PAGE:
In the fall of 1971 and throughout 1972, their living conditions—their house was infested by fleas, inhabited by numerous cats and raccoons, deprived of running water, and filled with garbage and decay—were exposed as the result of an article in the National Enquirer and a cover story in New York Magazine after a series of inspections (which the Beales called “raids”) by the Suffolk County Health Department. With the Beale women facing eviction and the razing of their home, in the summer of 1972 Jacqueline Onassis and her sister Lee Radziwill provided the necessary funds to stabilize and repair the dilapidated house so that it would meet village codes.

Grey Gardens  film scene

Grey Gardens film scene

Albert and David Maysles became interested in their story and received permission to film a documentary about the women, which was released in 1976 to wide critical acclaim. Their direct cinema technique left the women to tell their own stories. The film went on to become an award wining Broadway Musical staring Christine Ebersole and Mary Louise Wilson; and then award wining film with  Drew Barrymore and Jessica Lange.

After Big Edie died in 1977, Little Edie was forced to put Grey Gardens on the market. Edie was distraught when she found that most of the prospective buyers wanted nothing more than to demolish the home and build a brand new one on the beachfront lot; never one to waiver, Little Edie refused to sell the home to anyone that did not promise to restore the mansion to its former glory. Ben Bradlee, the former executive editor of The Washington Post, and his wife, the writer Sally Quinn, made that promise and bought Grey Gardens from Little Edie in 1979.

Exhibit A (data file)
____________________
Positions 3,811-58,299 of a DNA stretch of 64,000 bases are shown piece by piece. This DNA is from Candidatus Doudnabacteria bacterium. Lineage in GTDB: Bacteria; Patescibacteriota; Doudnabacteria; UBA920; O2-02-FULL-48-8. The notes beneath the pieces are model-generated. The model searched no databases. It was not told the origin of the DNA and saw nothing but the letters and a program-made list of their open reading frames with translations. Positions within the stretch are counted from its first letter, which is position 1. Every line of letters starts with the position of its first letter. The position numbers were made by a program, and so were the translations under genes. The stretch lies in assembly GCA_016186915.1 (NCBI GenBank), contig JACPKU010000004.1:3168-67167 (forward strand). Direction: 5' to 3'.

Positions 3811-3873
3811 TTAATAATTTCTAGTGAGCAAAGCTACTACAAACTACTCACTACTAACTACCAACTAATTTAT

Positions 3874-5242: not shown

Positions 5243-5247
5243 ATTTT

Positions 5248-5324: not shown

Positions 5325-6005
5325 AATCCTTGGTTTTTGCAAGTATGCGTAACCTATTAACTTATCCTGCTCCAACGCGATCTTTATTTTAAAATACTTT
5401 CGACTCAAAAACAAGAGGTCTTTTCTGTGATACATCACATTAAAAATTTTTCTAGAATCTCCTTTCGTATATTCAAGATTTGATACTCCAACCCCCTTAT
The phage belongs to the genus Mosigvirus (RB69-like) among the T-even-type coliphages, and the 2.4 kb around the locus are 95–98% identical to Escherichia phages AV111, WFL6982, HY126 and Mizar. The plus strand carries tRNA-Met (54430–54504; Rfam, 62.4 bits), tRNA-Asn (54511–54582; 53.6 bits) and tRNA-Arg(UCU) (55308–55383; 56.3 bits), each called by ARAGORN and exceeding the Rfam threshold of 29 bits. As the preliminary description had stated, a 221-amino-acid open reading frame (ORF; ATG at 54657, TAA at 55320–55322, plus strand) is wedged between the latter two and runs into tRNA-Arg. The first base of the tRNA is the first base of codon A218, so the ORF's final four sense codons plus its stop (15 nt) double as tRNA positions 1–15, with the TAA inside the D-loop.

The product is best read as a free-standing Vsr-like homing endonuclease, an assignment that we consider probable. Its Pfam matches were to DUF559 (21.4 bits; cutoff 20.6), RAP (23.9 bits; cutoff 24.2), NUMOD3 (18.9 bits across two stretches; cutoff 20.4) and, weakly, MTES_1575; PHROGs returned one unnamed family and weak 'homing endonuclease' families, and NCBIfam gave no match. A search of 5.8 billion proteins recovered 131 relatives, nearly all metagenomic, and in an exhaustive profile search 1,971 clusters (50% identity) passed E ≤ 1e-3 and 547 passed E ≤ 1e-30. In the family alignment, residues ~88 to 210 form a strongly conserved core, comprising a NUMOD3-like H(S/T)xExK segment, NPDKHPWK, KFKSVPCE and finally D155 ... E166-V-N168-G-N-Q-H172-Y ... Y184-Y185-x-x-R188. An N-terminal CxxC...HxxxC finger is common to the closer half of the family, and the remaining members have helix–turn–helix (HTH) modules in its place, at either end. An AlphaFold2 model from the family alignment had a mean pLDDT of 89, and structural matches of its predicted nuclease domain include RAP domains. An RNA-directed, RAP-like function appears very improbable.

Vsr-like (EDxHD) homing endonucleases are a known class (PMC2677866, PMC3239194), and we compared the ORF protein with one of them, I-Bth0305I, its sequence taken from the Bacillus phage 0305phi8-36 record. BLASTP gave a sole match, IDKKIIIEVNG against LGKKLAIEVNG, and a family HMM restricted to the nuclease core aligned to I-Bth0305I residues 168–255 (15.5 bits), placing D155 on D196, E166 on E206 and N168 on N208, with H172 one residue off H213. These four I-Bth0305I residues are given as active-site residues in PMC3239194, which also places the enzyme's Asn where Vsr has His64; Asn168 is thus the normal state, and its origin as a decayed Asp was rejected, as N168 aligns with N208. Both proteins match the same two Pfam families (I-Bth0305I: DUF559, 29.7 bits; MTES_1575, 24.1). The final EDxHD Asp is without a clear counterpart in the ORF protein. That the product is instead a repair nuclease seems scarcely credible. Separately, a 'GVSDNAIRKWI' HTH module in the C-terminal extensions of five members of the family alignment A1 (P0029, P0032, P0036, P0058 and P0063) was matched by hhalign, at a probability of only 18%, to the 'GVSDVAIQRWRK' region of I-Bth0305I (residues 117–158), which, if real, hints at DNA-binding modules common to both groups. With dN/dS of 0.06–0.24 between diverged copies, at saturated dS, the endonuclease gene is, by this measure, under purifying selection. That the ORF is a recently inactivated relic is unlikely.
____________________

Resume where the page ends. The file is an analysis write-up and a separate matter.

The home was fully restored, the gorgeous gardens were brought back to life, and a swimming pool was added. The home now hosts many parties and charity events yearly and has been featured in several architectural and home dĂ©cor magazines. In the June 2003 issue of Town and Country, Sally Quinn says that her real estate agent initially tried to discourage her from buying the home; however, Little Edie was the ultimate salesman declaring, “All it needs is a coat of paint!”

So, it was to my great delight and surprise that perhaps “Big” and “Little Edie” aren’t really gone, they are just living in a grander home – Grand Central Terminal! I spotted the pair while rushing home and immediately was fascinated at the resemblance and fell in love with them.

The 'Edies' in discussion

The ‘Edies’ in discussion

Mother and daughter luggage

Mother and daughter luggage

Details/similarities to observe: They are homeless, the doubled Duane Reade bags are always a clue. They are enjoying some drinks people had left behind on other tables. Their luggage/belongings closely guarded nearby. Despite their homeless situation they are in good spirits and ‘impeccably’ dressed, oddly similar to the Beales. ‘Big Edie’ has the scarf over her head, matching all in black, the black nylons hide the swollen bandaged ankles, the diamond studded shoes make her feel pretty. ‘Little Edie’ matches mom in all black, with head band to match. Daughter dotes on mom looking lovingly into her over made face. Their desperate situation hasn’t robbed them of their grande style and their elegance, they are in their own world. I only wish that I had the time to sit nearby and overhear their conversation. I will look for them on my next visit to Grand Central ‘Gardens’…


The documentary http://www.youtube.com/watch?v=WE7E4Flp8p4

The musical  http://www.youtube.com/watch?v=gdh8EoYoAoM


Grey Gardens today: http://www.youtube.com/watch?v=tqwuSFj7wMg

Grey Gardens 2013 Manhattan Mini Storage's subway ad

Grey Gardens 2013 Manhattan Mini Storage’s subway ad